Investors in developed markets have, in recent years, become accustomed to inflation rates that have been trending down. The graph below illustrates that annual OECD inflation has fallen from around three percent in 2011 to an environment of stable prices today.
Weak commodity and oil prices have had a dramatic impact on headline inflation. In addition the impact of the internet has also had a profoundly deflationary impact. Some industries such as the telecoms and the music industry have seen dramatic structural change. Other industries, such as general insurance, have found the price discovery, and transparency, of the internet has significantly reduced their pricing power. In the future, as the internet becomes more sophisticated, more industries are likely to experience significant change and reduced profit margins. Finally workers have found it very difficult to negotiate pay rises which has intensified the disinflationary environment.
CHART 1: OECD INFLATION
However wage growth looks like it is beginning to increase in a number of key developed economies. Hourly compensation measures in both the UK and US are close to six year highs (see chart 2). Wage growth in Japan has also strengthened, albeit under pressure from a government desperate to make a decisive break from deflation. In both the UK and the US the unemployment rate is approaching five percent, having fallen from a peak of 10 percent and 8.5 percent respectively. This is generally thought of as the threshold that gives workers greater bargaining power over their wages. Indeed UK average earnings have accelerated from 1.1 % y/y to 2.8 % y/y in the last eighteen months (see graph).
CHART 2: UK AND US WAGE GROWTH ARE SHOWING SIGNS OF ACCELERATION
Ordinarily relatively small changes in wages would not be anything remarkable. However the problem for policy makers lies in the fact that productivity (output per person) growth has been weak for over five years in both the UK and US. Quite why this is the case, in the face of a rapid technological advance, is open to discussion. However it is a phenomenon that has been observed in many OECD countries.
CHART 3: UK and US PRODCTIVITY GROWTH
So unless UK and US productivity growth stirs from its current slumber companies could experience a fairly sharp rise in their costs. Remember that the US and UK economies are predominantly service economies where the key input is people. In today’s internet enabled age companies are unlikely to be able pass all these costs onto the end customer. So it is likely to result in some increases in prices but also reduced profit margins as some of these costs are absorbed.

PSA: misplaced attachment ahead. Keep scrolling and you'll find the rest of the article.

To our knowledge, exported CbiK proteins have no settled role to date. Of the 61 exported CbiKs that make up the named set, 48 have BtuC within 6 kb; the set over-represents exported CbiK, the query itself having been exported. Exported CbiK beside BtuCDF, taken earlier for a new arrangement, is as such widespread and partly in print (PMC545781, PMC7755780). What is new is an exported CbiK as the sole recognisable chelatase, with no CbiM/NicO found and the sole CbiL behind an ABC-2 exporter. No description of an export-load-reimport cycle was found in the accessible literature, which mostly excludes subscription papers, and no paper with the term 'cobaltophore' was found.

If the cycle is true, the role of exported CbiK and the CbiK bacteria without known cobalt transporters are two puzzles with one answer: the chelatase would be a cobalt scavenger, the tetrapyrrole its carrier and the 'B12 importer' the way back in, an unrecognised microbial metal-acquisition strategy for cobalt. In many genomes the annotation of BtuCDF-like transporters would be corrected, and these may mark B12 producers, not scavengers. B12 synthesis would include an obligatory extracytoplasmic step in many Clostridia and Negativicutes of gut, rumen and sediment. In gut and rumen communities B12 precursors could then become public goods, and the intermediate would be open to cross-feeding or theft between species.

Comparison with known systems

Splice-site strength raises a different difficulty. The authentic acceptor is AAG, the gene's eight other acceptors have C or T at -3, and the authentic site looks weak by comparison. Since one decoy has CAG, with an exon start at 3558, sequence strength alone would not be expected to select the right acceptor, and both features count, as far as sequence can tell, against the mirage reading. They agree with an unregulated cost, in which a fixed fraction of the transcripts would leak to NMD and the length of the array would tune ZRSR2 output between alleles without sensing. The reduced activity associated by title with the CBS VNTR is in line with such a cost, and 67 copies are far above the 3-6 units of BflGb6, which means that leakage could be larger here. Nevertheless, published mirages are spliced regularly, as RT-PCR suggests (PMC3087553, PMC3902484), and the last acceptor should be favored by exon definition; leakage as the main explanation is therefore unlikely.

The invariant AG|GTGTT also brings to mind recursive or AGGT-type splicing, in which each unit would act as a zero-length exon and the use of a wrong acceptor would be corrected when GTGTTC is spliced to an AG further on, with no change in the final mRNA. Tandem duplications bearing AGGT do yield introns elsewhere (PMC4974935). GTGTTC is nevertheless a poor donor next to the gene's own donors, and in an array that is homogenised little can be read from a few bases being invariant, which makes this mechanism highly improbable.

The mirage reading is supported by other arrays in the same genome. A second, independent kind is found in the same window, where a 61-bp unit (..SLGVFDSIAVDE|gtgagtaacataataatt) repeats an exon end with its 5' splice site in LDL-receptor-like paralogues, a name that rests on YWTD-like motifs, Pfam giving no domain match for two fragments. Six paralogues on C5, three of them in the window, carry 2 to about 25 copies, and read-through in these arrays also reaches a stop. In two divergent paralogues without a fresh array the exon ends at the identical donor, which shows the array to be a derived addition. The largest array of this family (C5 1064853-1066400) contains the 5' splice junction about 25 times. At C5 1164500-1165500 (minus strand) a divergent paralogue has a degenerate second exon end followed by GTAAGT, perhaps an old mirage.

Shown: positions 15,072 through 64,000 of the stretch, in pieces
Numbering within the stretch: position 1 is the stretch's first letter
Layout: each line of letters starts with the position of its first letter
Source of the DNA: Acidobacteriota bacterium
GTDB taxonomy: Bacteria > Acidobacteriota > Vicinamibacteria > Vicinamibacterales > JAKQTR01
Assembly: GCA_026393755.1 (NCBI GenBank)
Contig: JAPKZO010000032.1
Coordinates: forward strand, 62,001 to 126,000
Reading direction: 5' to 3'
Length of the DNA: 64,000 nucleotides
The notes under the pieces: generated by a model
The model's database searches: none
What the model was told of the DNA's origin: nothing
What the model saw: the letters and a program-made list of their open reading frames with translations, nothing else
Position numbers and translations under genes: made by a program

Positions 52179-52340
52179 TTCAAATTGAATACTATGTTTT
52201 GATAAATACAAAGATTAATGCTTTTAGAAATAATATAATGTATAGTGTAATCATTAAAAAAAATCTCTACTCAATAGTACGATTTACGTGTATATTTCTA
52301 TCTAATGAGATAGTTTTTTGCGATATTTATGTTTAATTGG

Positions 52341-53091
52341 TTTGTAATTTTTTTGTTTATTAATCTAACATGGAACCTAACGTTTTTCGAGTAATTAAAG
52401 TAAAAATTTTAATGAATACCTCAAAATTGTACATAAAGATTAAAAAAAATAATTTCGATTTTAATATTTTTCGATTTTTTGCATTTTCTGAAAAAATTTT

For bond markets the current low growth rate of productivity is a mixed blessing. From a positive perspective it means that the trend rate of economic growth, once all the spare resources in an economy are used up, is low. This in turn means that the neutral interest rate for the economy is also likely to be low (around three percent in the UK and the US). However it also implies that inflation is relatively sensitive to accelerating wages. This might result in UK and US interest rates eventually ending up above their neutral rates.
For equity markets the return of wage inflation would obviously boost purchasing power and therefore company sales. However if it was associated with low productivity growth, and an environment of weak pricing power, it would also mean lower profit margins. Whilst it is certainly some way off the prospect of interest rates rising above neutral, to reduce inflationary pressure in the economy, would be a negative event for the equity market. This is because it would imply a temporary slowdown in economic growth and thus slower profits growth.
The prospect of gently rising interest rates is currently priced into financial markets. So such a scenario would be not necessarily produce significant changes in the prices of bonds and shares. However rising inflationary pressures in the US and UK labour markets could prompt a significant correction in the price of financial assets. Investors should keep at least one eye on the developments in the US and UK labour markets.